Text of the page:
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Healthcare reform tops agenda for Obama's prime-time news conference

The president will keep up the pressure for swift action from Congress despite complaints that he is moving too fast.

July 23, 2009|Peter Nicholas, Christi Parsons and Noam N. Levey

WASHINGTON — With many Americans growing anxious about his plans to overhaul the nation's healthcare system, President Obama on Wednesday sought to lay out in personal terms how they stand to gain from the legislation that he has made one of the top goals of his presidency.

Obama acknowledged that the public had become skeptical of health proposals being debated in Congress, but he defended his push to move quickly on the legislation -- which aims to give more people insurance coverage and rein in rising healthcare costs.

"I'm rushed, because I get letters every day from families that are being clobbered by healthcare costs," Obama said in a prime-time news conference.

The news conference was unusual in its near-total focus on a single issue: healthcare. Foreign policy did not come up.

Obama also touched on the economic downturn and the degree to which he has run an open government. But he reserved his sharpest comments for a police case involving his friend Henry Louis Gates Jr., a Harvard professor.

Gates, who is African American, was arrested last week for disorderly conduct after police responded to a reported break-in at his rented home in Cambridge, Mass. The charges later were dropped. Obama, though acknowledging that he did not know all the facts of the incident, said in response to a reporter's question that "the Cambridge police acted stupidly in arresting somebody when there was already proof that they were in their own home."

Speaking in the East Room of the White House, the president questioned the motives of those opposed to a healthcare overhaul. Arrayed against the initiative, he said, were Republican critics determined to saddle him with a high-profile defeat that would weaken him politically.

He referred to Sen. Jim DeMint (R-S.C.), who had said that if Obama could be stymied on healthcare, "it will break him."

"This isn't about me," the president said. "I have great health insurance, and so does every member of Congress. . . . This is about every family, every business and every taxpayer who continues to shoulder the burden of a problem that Washington has failed to solve for decades."

During much of the hourlong news conference, Obama relied on jargon that Washington insiders embrace but that might leave the typical television viewer mystified. Discussing government spending, he mentioned "the supplemental" -- referring to a war-funding bill. He used the word "incentivize" several times.

The purpose of Obama's appearance was to regain momentum for proposals to make major changes to the healthcare system, one of his top domestic priorities.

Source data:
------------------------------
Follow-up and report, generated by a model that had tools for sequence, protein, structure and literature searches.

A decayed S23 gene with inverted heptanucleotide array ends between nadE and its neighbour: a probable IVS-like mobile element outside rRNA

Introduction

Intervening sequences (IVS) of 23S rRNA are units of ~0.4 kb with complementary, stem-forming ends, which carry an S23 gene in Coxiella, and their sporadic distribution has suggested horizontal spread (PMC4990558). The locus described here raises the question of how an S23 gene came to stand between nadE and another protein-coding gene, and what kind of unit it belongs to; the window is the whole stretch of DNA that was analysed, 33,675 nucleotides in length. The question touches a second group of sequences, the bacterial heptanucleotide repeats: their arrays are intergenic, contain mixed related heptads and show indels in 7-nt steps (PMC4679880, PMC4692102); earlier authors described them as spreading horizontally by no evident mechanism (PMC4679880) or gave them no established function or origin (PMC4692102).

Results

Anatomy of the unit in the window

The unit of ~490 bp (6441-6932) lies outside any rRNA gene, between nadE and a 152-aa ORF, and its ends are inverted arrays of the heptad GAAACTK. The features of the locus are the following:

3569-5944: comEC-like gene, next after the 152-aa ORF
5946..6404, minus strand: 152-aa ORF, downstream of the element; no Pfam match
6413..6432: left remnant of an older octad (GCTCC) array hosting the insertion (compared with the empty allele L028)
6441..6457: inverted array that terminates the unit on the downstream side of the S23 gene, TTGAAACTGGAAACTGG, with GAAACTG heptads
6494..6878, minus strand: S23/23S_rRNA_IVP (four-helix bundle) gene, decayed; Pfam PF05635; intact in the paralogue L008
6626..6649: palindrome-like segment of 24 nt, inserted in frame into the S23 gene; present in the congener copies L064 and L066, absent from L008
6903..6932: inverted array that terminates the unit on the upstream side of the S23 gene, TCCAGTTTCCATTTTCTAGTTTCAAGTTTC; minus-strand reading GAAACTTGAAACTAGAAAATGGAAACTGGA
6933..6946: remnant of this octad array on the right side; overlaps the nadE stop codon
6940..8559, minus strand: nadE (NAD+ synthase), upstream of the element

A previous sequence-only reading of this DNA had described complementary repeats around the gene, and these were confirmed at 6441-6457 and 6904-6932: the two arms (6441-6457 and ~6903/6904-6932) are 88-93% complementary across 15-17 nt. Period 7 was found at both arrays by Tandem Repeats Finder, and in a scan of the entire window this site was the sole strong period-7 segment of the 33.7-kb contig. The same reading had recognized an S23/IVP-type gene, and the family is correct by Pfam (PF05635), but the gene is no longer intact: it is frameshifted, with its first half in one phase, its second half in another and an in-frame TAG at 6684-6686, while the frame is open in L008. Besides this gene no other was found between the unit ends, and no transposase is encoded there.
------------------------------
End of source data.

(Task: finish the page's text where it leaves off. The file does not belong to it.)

Even fellow Democrats now say that the deadline Obama set for the House and Senate to pass a bill before their August recess is unrealistic.

And mounting opposition from powerful interest groups has been equally worrisome for the White House. On Wednesday, the American Hospital Assn. urged its members to lobby against an administration proposal for an independent agency that would set Medicare payment rates. Supporters say the agency would help control costs.

In the House, centrist Democrats have slowed progress in one key committee with complaints that the bill does not do enough to bring down healthcare costs. In the Senate, finance committee Chairman Max Baucus (D-Mont.) has been working with a small, bipartisan group of senators to develop a separate proposal.

That effort was dealt a minor setback Wednesday when Utah Sen. Orrin G. Hatch, one of the Republicans in the group, said he could no longer support it.

Appealing directly to the public, Obama sent a message that doing nothing would impose a huge cost on families.

"If somebody told you that there is a plan out there that is guaranteed to double your healthcare costs over the next 10 years, that's guaranteed to result in more Americans losing their healthcare, and that is by far the biggest contributor to our federal deficit -- I think most people would be opposed to that," Obama said.

"Well, that's the status quo. . . ." he continued. "So, if we don't change, we can't expect a different result."

The president offered encouraging words for a proposal by House Speaker Nancy Pelosi (D-San Francisco) to finance part of the overhaul with a new tax on couples who make more than $1 million a year.

"That meets my principle that it's not being shouldered by families who are already having a tough time," he said.

He also reiterated his support for a government insurance program that would compete with private insurers. But Obama did not signal whether he would try to push lawmakers to adopt one healthcare proposal over another.

"What I want to do is to see what emerges from these committees, continuing to work to find more savings," he said of the congressional panels working on legislation.

After the news conference, some Republicans said that they were less than impressed.

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